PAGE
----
The scourge of the betel nut. It is used by almost a tenth of the world’s population. It gives people a buzz equivalent to six cups of coffee and is used variously as a symbol of love, marriage and a cure for indigestion and impotence.
But it is also leading tens of thousands to an early grave.
The culprit? The humble betel nut.
Found across Asia, these nuts are harvested from the Areca palm and are chewed for their warming glow and stimulating properties.
Such is its effectiveness, that alongside nicotine, alcohol and caffeine, betel nuts are believed to be one of the most popular mind-altering substances in the world.
Although used by women and children, the nuts are especially popular among working-age men, who chew to stay awake through long hours of driving, fishing or working on construction sites.
But the short-lived benefits come at a terrible cost.
High rates of oral cancer are destroying the lives of many who buy betel nuts, often decades after their first taste.
Now in Taiwan, where the nuts are affectionately known as ‘Taiwan’s chewing gum’, the government is taking action to curb this centuries-old habit and reduce the thousands of lives lost each year.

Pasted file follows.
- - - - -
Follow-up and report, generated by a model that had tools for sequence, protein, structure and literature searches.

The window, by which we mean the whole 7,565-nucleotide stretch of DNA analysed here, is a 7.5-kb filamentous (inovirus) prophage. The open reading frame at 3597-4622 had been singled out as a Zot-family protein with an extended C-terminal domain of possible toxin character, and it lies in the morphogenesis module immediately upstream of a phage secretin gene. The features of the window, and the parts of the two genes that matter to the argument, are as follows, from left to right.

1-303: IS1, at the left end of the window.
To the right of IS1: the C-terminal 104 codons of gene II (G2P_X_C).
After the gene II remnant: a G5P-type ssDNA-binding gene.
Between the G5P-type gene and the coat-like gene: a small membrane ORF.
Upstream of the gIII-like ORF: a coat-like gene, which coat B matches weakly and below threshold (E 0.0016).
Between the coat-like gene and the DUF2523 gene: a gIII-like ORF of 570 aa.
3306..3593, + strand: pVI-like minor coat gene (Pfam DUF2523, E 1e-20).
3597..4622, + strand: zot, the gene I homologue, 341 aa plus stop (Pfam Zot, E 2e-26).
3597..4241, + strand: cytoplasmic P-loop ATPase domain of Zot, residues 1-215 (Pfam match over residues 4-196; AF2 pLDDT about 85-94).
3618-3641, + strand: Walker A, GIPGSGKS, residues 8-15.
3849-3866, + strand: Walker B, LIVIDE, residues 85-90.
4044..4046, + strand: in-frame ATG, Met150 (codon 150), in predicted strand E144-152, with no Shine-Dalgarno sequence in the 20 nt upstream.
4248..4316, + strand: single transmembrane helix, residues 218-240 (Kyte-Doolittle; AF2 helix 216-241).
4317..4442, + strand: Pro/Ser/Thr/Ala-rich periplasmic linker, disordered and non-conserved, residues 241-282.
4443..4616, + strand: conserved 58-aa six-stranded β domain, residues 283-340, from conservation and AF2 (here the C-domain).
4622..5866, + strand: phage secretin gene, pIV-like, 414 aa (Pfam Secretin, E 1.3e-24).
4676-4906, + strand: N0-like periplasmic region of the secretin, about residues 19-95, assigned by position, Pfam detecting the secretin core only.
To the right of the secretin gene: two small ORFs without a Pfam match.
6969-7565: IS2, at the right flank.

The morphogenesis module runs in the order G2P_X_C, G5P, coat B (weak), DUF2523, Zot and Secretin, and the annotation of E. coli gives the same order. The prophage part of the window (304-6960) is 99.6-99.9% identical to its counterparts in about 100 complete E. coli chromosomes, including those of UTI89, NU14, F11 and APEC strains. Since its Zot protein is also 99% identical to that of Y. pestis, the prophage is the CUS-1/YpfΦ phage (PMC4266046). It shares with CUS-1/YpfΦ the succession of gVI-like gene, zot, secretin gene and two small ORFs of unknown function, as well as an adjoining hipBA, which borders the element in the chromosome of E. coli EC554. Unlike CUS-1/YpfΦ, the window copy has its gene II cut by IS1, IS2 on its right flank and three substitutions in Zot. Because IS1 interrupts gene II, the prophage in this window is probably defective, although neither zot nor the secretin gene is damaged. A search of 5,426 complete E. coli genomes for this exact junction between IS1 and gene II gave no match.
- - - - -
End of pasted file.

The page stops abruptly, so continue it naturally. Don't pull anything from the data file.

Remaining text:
Like most people, Qiu Zhen-huang, 54, was completely unaware of the risks. A former gravel company worker, he chewed for ten years. Twenty years after quitting, he developed the disease.
“I started chewing betel nut because everyone at work did it,” says Mr Qiu. “We shared it with each other to build good relations.”
Three years ago, a small hole developed in his left cheek and in just three months, the tumour grew to the size of a golf ball and completely changed his life.
“Whatever I ate flowed out. I had a gauze pad over it. It hurt,” he said. “It affected me a lot. I was so ashamed I avoided going out.”
Each year, 5,400 Taiwanese men like Mr Qiu are diagnosed with oral cancer or pre-cancerous lesions and an estimated 80 to 90% of those also chew betel nuts.
An early symptom includes white or red lesions inside the mouth, but this can rapidly progress to grotesque flesh-eating tumours.
Unlike other cancers, these are difficult to hide, leaving sufferers physically and psychologically devastated.
“It’s miserable for them,” says Prof Hahn. “Sometimes, even after surgery, they still can’t perform basic functions, including expressing emotions through their face because the lower jaw also has to be cut depending on the scale of the cancer.”
Luckily for Qiu Zhen-huang, his cancer was treated and his cheek reconstructed.